In the First World War, the main stories we hear about are from the soldier’s point of view, or of the naval battles, or perhaps the emerging air force. We know of the terrifying battles set in the trenches and the pointless regaining of land. It’s a horrific war that lead to shell-shocked combatants coming home, whole generations wiped out. But there are other stories from the great war, tales that come from the support units. One of those was the medical support on the front line.
In War Hospital, you get to experience what it might have been like running a hospital during war times, as you are left to make life and death decisions while trying to keep the medical supplies coming in. It’s a grim and worthy sim game.
The wealth of sim games on offer on the Xbox can feel overwhelming at times, but it’s still very exciting to see the PC-dominated genre making its mark on console. However, there can be problems with the transition in some of these games, with control systems being put onto the console and issues with text size in the menus. War Hospital, while good, does suffer from both of these problems, albeit in small doses.
The story puts you in the shoes of Major Henry Wells who, in the last year of the war in 1918, is put in charge of a field officer right in the middle of the front line. There is a narrative to be had throughout the game, and characters that you will meet and talk to. But the war and tragedy surrounding it is the real story, as is the difficulty of your task as the ever-increasing soldiers arrive needing treatment.
The gameplay is absorbing and requires your constant attention. A few hours will go by and you will see that you’ve been chewing your fingernails with the anxiety of trying to balance an impossible situation. You will have a list of patients that arrive in your hospital, from there, assigning doctors to help the patients, hopefully ensuring they will get better. But the more patients arrive, the fewer resources you have in terms of staff and medicine to treat them all. In War Hospital you will need to make some hard choices and that’s what the game boils down to. Choices, and how none of them are good.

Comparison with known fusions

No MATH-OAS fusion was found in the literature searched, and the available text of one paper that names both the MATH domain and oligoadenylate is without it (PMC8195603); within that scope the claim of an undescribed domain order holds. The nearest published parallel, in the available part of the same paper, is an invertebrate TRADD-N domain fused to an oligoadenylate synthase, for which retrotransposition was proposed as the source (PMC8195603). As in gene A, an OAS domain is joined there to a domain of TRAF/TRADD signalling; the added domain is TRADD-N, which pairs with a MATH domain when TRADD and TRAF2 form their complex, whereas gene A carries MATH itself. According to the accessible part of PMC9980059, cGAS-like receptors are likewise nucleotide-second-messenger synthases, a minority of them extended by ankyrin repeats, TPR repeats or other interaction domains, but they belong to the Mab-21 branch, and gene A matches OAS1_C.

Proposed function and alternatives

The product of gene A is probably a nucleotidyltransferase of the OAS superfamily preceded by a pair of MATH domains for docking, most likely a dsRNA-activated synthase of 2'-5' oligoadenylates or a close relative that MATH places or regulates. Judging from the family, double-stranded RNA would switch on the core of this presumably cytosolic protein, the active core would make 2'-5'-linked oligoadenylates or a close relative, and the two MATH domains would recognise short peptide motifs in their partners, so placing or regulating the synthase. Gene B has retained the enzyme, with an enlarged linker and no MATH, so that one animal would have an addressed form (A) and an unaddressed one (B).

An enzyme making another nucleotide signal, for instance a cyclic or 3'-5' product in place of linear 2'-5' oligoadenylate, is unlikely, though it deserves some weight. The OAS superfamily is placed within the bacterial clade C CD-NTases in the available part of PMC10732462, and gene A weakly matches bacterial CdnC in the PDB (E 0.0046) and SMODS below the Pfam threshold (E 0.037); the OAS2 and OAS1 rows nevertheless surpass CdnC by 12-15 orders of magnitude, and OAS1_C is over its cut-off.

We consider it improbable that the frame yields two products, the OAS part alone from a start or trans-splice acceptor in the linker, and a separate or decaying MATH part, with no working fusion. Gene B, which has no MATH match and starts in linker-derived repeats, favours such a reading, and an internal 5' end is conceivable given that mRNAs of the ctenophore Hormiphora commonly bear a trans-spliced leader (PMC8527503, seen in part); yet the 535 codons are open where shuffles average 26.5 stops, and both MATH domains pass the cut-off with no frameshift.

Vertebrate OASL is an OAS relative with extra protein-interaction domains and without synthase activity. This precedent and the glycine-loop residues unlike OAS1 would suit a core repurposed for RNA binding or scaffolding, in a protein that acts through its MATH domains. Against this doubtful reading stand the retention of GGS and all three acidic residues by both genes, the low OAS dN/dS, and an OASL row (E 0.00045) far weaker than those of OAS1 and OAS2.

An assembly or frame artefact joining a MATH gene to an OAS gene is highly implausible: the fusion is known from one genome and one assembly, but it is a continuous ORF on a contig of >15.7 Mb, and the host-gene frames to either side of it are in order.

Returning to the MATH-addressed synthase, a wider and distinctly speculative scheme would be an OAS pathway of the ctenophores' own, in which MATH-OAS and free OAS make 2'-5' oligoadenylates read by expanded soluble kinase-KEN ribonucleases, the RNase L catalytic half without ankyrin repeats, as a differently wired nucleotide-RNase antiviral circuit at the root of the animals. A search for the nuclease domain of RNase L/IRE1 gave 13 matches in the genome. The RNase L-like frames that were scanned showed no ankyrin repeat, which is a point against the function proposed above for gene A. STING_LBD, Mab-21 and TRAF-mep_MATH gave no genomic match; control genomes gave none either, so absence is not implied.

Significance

Medicine is something that needs constantly checking on. You can order it, requesting delivery, but that supply comes via train and this takes time. You can choose to build a pharmacy to make your own, but this requires staff, taking them away from making food. So do you risk running out of meds or food? Like I said, War Hospital is all about choices and balance. If morale is lowered the game is over, and that’s not helped by the fact you also need to deal with burying the dead, sending people back to the front line so you have enough of an army to fight the enemy. It’s very much a case of spinning the most horrid of plates.
Visually, War Hospital is good with some very poignant cutscenes playing out at the start of the game. The characters that pop up have nicely drawn thumbnails as well, which is the standard trope of games in this genre. I did find the presentation of the menus to be too small though, affecting the ability to read all the details. I think it’s a problem that is regularly highlighted with conversions of sim games and whilst I got used to it, there’s no doubt it was a bit of a slog reading it. However, I very much enjoyed the soundtrack that played out to fit the action, whilst the voice work does a good job of bringing the characters to life.
War Hospital intends to tell an unknown story from the First World War, honouring the people who helped keep the soldiers alive; those who had to balance so many difficult choices. However, the choice-making is a bit too harrowing and hardcore, and that means it’s hard to ‘enjoy’ what is on offer.
There’s no doubt that War Hospital will have you considering the heroic medical teams of the time, inspired to think more about the support units in war time. But as a game, it’s hard to want to play through that experience.